Business Standard

Jamal Mecklai: Coming of age

The Indian rupee is well positioned to become a major global currency

Jamal Mecklai  |  New Delhi 

The recently concluded meeting in Italy was significant because it was the first time that India and China were seated at the high table of and finance, and there were many observers who believed that these two emerging heroes were the stars of the show. Indeed, there are some who believe that within a decade, the currencies of these two countries would be considered amongst the majors.

Looking at the domestic forex markets, the Indian rupee is certainly well positioned for this; the yuan, however, has a longer road to travel.

As a rule of thumb, the maturity of a forex market can be measured by the ratio of the daily volume traded to the country’s underlying foreign trade (imports plus exports). By that measure, India ranked third, behind Russia and South Africa, of 14 emerging markets we studied, using BIS data for transaction volumes and data for trade volumes. (Since the BIS survey is conducted only once every three years, this data is from April 2007.) China and Brazil (of the BRICs) were far behind, with China ranking last. In fact, total CNY-traded volumes were only about 25 per cent of INR-traded ones.

Of course, the Chinese market has opened up considerably since then, and will likely have climbed a few notches. But India has been the fastest-growing forex market of the 54 covered by the BIS. Daily volumes rose from $34 billion in April 2007 to $53 billion in April 2008, before falling to $44 billion in April 2009.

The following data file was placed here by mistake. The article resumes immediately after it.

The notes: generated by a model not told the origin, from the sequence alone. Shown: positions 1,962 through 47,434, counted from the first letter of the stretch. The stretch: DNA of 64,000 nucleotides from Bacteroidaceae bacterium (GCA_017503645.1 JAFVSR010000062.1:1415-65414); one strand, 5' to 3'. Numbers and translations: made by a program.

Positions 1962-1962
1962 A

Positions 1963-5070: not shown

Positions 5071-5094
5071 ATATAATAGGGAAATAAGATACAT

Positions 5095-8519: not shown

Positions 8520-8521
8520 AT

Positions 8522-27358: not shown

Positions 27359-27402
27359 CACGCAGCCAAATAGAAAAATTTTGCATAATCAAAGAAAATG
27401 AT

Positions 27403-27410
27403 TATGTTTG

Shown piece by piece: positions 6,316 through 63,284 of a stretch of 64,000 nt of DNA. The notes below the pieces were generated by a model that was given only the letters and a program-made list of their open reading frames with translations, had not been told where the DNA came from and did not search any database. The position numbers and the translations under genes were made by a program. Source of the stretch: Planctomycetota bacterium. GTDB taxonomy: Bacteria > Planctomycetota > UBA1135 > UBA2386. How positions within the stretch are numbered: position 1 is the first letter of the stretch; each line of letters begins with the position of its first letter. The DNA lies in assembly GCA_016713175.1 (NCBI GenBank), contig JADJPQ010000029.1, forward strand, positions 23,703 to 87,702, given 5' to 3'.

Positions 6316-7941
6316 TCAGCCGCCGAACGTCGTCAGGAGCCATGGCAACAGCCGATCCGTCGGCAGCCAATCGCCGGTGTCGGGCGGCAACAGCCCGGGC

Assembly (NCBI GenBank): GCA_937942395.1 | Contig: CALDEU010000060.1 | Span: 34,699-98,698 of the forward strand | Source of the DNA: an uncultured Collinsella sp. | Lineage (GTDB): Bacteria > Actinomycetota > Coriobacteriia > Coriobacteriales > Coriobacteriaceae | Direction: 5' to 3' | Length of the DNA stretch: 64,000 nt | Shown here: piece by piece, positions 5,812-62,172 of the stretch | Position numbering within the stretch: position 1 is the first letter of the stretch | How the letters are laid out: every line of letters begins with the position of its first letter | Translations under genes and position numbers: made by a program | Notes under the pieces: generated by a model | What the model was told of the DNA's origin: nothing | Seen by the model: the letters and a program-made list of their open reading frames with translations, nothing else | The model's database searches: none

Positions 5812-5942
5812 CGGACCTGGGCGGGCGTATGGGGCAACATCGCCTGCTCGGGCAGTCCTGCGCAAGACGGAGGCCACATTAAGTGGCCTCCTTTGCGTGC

Despite this, however, the still has a long way to go before it can compete with the majors on a liquidity basis — the trade-adjusted liquidity of INR was less than 40 per cent of the US market in 2007. While INR has doubtless increased its standing by today, there is still a lot of work to be done before the market could be considered highly liquid.

Of course, and despite the continuing constraints on the capital account, the Indian market has matured in several other ways as well. There is increasing breadth of participation, there has been a substantial increase in the volume of options and other derivatives being traded, and the offshore non-deliverable forwards (NDF) market has grown in liquidity and depth. And, most importantly, two-way movements in the price of the rupee are now a matter of course, confirming that our domestic forex market is certainly coming of age.